What does time to hire mean?
Time to hire is a metric that measures how many days elapse between initial communication with a job candidate and the moment when he ecstatically accepts your job offer. These measurements are then compared to industry benchmarks.
Measuring this metric will help to reveal wasteful inefficiencies. You can use this data to fine-tune the hiring process, which will help boost your company's productivity.
For example, you might find out there’s a slower-than-molasses turnaround time for background checks. Or that you’re having trouble getting high-quality candidates to accept your job offers because the interview stage is way too long.
Although there are many recruiting metrics, not many of them are used as often as time to hire. In fact, more than 50% of all businesses in the US use this metric to eradicate money-sucking inefficiencies and figure out if the right people are being hired.
In this article, you'll find ways to use the time to hire metric to dramatically improve your hiring process. These are things like the difference between time to hire and time to fill, why you should measure time to hire, and best practices for time to hire measurements.
Time to hire vs. time to fill
The point at which you initially start collecting data is different between time to hire and time to fill.
With time to fill, you start measuring when you post a job. With time to hire, the clock only starts when your candidate applies for the position. Time to fill shows you how long company positions remain unfulfilled, and time to hire shows you how long your hiring process takes.
Taking both metrics together gives you a comprehensive look at your recruitment process's overall efficiency.
Formulas for each metric
Look at the formulas below:
Time to hire formula
The first variable of the time to hire formula is the day a job is posted. The moment a candidate accepts a job offer is the second equation variable. The day the prospective employee applies for the position is the third variable.
To arrive at the time to hire metric, subtract the third variable from the second one.
Time to fill formula
There’s some room for variation in this formula. You can start measuring when a job opening is first submitted for approval, when it's approved, or when the position is first advertised.
In all scenarios, the end variable is the same—when a candidate accepts a job offer. While leeway is allowed in this formula, it’s essential to ensure that consistency is maintained across all departments if you want your metrics to be accurate.
Use the picture painted by your time to hire and time to fill averages to identify parts of your hiring process that are woefully inefficient.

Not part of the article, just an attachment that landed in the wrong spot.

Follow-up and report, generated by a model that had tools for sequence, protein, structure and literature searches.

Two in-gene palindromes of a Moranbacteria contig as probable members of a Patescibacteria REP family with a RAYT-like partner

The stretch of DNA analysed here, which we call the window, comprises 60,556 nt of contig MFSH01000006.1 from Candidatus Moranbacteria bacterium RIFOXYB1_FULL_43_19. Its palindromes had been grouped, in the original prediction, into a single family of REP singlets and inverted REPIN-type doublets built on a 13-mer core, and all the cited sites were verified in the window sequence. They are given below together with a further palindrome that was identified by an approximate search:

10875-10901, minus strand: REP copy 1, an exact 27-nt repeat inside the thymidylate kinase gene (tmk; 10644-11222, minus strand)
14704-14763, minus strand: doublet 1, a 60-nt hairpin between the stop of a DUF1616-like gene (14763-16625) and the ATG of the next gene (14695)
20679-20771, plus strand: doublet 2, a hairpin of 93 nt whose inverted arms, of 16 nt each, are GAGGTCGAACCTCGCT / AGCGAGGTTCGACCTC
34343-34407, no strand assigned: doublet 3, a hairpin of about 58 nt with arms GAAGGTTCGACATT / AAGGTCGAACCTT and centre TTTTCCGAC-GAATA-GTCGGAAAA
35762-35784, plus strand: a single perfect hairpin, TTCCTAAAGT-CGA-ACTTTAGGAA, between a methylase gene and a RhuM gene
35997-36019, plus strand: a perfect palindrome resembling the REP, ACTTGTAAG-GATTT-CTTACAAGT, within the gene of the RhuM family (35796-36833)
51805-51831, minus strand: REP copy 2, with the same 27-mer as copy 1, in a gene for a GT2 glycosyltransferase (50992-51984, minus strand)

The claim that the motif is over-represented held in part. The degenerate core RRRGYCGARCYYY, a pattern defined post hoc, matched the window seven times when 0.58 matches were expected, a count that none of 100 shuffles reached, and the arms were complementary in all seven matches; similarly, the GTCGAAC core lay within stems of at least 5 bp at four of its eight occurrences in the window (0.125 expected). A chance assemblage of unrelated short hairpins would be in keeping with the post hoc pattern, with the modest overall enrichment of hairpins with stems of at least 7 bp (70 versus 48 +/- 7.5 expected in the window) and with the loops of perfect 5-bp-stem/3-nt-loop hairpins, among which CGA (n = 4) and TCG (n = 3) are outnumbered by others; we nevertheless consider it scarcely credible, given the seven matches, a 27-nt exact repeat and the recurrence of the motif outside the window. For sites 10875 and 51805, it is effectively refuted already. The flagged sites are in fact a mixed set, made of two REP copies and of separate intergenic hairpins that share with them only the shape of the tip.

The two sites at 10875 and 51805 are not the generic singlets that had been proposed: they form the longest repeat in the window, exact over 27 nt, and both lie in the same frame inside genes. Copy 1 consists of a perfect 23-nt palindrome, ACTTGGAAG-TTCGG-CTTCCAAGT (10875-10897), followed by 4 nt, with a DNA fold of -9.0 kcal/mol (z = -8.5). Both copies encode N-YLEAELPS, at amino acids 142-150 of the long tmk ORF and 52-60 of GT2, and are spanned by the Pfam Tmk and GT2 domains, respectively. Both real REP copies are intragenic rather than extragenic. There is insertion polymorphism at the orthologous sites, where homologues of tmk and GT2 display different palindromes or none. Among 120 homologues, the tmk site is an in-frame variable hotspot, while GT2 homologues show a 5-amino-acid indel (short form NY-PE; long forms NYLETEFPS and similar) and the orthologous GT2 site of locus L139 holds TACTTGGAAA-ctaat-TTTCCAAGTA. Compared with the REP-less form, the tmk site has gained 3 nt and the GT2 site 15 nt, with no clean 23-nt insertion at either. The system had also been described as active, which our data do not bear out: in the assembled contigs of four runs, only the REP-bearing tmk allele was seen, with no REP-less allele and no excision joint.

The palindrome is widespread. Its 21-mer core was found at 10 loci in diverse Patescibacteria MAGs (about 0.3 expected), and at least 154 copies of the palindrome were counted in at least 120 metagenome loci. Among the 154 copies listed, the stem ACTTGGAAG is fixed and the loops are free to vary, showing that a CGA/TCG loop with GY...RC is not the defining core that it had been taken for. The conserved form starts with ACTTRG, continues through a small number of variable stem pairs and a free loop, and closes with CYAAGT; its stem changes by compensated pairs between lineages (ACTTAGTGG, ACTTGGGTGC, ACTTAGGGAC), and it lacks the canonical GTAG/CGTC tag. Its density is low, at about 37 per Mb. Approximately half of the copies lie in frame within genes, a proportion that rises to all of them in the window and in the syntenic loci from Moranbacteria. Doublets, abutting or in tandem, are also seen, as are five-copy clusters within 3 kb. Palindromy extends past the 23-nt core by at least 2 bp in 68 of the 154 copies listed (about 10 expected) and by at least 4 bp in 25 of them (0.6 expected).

Why should I measure time to hire?
You should measure time to hire because even in the best of hiring processes, there’s always room for improvement. By collecting this kind of data, you’ll be able to identify weak spots in your recruitment efforts, which will help you enhance your methodology.
You need to figure out how long it takes you to hire so you don't risk high-quality candidates dropping out. Almost 60% of job hunters lose all interest in a position if they think the application process is taking too long.
That's why it's good to know exactly how long it takes to hire someone. This way, you'll streamline your methodology, and your candidates won't drop out prematurely.
How can I improve my time to hire?
To decrease the time it takes to hire employees, start by doing a little problem-solving.
Analyze your hiring process in exacting detail. Start with how long it takes to move a candidate from one stage to another. Compare your data to industry benchmarks. This way, you can figure out if your company is dilly-dallying when it should be moving more quickly.
You’ll also need to calculate time to hire for each department. If one team is bringing down your average, brainstorm ways to solve the problem.
Providing training to your hiring teams might help them to spot high-quality candidates faster.
You can also try using time-saving interview techniques such as interviewing over a Zoom call. In some industries, you can even test applicants' skills remotely by placing them in various virtual reality scenarios.
Why speed isn’t everything
Decreasing your time to hire shouldn’t be your only objective when it comes to recruitment metrics.
If parts of the hiring process are inefficient because they take up too much time, see what you can do to improve them. Just don’t succumb to the temptation of skipping crucial parts of your methodology just so things will be speedier.